A self-closing proposal is written so that it is easy to say yes to. This means that after reading the first paragraph, or even just the first sentence, your case has been made.
Saying ‘no’ is always easy. It is rare for someone to get blamed for a choice they didn’t make. Saying ‘yes’, on the other hand, can be difficult. Your client may have to seek the approval of others or get you through an intentionally difficult vendor approval process. And, if something doesn’t go well, they are on the hook for it.
While every proposal is different, here are a few of the principles I use to give my proposals the best chance
1) Don’t make the reader search for the benefit.
If a person can’t tell why your proposal is worth saying yes to in the first few sentences, something is wrong. Especially when you consider — as awful as this may be — that there is a good chance they are giving it a first look on a mobile device.
Sure, you have to fill in the details, key personnel, terms and conditions, timing and all of that, but what’s most important is that everybody who glances at the document can clearly see a substantial benefit.
For example, when I received a request to do a module on writing and messaging as part of a larger talent development program. I could have set up the proposal like this:
Because, REDACTED, INC. would like to include a module on message development and written communications… etc, etc.
It’s exactly what they asked for. But this is better:
REDACTED, INC. wants to help it’s high-potential executives increase their performance. To do this, they are taking 12 executives through two days of business communications training. They would like to include a module on message development and written communications.
The second way (with the detail that comes after) gives the entire why. It more effectively arms your client to argue for it, and it more effectively delivers the why when it is read by a third party.
2) Make sure to show how the benefits exceed the costs.
Even if what you are selling is highly qualitative, you can always do a rough estimation. Like this:
Our ultimate goal is to help everyone have greater clarity in their thinking. The way we do this is through written communication. This can seem hard to put a discrete value on, but here’s a back-of-a-napkin calculation.
We have 15 people. If everyone saves 15 minutes a week in writing time, then the yearly time savings per person is 12.5 hours (50wks x .25hrs/week) or 187.5 man-hours across the whole cohort.
At a labor cost of $50/hr, the value of this training, from time savings, would be $9,375 in the first year. And more, if we take into account the time that readers will save due to increased document clarity.
If the cost of the engagement is anything less than the estimated value (in this proposal it most certainly was) then it makes sense.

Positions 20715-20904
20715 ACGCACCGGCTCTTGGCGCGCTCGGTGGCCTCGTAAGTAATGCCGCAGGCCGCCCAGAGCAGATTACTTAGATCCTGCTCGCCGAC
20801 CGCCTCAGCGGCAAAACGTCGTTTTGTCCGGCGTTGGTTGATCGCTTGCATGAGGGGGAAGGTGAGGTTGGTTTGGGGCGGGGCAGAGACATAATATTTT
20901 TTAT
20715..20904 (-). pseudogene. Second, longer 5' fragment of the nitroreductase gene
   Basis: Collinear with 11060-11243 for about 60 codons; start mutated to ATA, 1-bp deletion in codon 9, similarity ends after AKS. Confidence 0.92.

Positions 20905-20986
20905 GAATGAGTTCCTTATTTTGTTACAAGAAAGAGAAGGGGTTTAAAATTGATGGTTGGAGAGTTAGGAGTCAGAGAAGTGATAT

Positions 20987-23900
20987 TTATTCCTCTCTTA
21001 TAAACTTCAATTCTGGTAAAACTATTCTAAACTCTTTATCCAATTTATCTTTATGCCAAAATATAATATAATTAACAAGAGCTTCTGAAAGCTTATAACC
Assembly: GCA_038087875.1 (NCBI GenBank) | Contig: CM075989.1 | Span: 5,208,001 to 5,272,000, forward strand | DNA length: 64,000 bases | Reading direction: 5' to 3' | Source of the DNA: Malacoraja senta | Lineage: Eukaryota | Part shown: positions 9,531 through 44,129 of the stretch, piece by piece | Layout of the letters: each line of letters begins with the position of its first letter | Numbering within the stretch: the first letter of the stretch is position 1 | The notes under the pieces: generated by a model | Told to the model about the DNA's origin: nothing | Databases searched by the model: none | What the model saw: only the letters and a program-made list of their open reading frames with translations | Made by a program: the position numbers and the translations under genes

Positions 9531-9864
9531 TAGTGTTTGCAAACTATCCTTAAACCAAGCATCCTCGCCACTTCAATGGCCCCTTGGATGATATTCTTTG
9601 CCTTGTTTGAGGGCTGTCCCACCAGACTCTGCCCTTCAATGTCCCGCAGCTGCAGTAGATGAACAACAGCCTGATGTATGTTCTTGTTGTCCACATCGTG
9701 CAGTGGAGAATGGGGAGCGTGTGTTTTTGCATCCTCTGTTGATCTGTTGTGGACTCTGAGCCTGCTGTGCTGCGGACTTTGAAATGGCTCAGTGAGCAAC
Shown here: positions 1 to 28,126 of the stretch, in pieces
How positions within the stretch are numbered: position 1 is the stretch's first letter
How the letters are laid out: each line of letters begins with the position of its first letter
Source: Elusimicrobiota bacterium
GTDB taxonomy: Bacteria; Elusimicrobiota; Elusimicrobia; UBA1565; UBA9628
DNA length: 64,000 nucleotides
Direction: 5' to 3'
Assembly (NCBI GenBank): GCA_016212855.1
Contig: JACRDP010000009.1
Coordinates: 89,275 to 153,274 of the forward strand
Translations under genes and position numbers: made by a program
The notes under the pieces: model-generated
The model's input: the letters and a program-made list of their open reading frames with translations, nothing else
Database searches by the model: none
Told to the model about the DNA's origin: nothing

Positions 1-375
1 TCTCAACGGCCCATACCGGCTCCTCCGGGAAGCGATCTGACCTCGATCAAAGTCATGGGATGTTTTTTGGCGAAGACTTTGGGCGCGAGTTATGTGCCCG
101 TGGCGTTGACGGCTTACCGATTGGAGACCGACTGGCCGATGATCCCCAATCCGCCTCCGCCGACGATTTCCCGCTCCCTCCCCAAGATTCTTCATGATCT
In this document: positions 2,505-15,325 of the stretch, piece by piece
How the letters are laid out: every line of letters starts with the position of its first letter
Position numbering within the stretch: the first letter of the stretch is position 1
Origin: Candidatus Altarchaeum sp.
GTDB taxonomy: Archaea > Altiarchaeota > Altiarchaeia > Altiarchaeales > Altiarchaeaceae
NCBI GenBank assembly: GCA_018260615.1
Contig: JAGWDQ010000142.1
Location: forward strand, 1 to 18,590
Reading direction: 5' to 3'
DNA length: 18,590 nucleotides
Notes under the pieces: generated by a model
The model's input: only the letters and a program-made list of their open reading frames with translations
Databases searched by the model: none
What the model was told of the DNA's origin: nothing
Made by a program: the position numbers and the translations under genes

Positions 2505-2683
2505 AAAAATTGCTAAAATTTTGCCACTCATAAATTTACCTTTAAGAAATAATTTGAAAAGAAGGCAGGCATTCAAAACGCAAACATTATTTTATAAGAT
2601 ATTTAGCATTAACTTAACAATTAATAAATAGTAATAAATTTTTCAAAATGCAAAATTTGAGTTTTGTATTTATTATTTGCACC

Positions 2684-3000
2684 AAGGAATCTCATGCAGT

3) Remember that, in business-to-business, there are always two benefits.
There is the benefit to the organization and then there is a benefit to the individual. In a perfect world, these two benefits line up. But in the real world, they hardly ever do.
Never forget that saying yes to your proposal has an impact on another person’s career. All business is personal. You might have missed it in my last example, but here was the most important thing to my client:
“the time that readers will save due to increased document clarity.”
The personal benefit was that my client wouldn’t have to read confusing and long-winded reports from his people. And he wouldn’t be embarrassed by the emails and documents that they were sending out. He would have more time and fewer headaches.
My proposal had to be good for his organization, but making sure the personal benefit is obvious, made it easier for my client to say yes.
4) Use the discipline of writing proposals to improve your offering and your sales process.
Writing a self-closing proposal forces you to think through the deal at all levels. Can you increase the benefit? Can you lower the cost? Can you find a better way to communicate the value? Can you find a better way to allay their fears?
Answering all these questions might not be the easiest, or the sexiest work, but, if done correctly, writing proposals can be a profound way to sharpen a sales process, an offering and an organization. And, having done it, you have a deep understanding of the deal and are well-armed for the negotiation process.
5) If you are not comfortable with the deal, fix the deal, not the writing
People seem to think that a skilled salesperson or copywriter can pour a honeyed potion of language into a potential customer’s ear and lead them to do anything they want –selling proverbial ice to the over-referenced eskimos. It ain’t so. Anything that you cover up or omit will come out in the end. But, when writing, you can get stuck trying thinking it’s your fault that the proposal doesn’t sound very persuasive when it’s really the offer that’s not very good. And trying to hem and haw around a bad deal will only make your writing wordy and ineffective.
Tell the truth, as clearly as you can. And if that doesn’t work? Maybe it’s not time to write a proposal.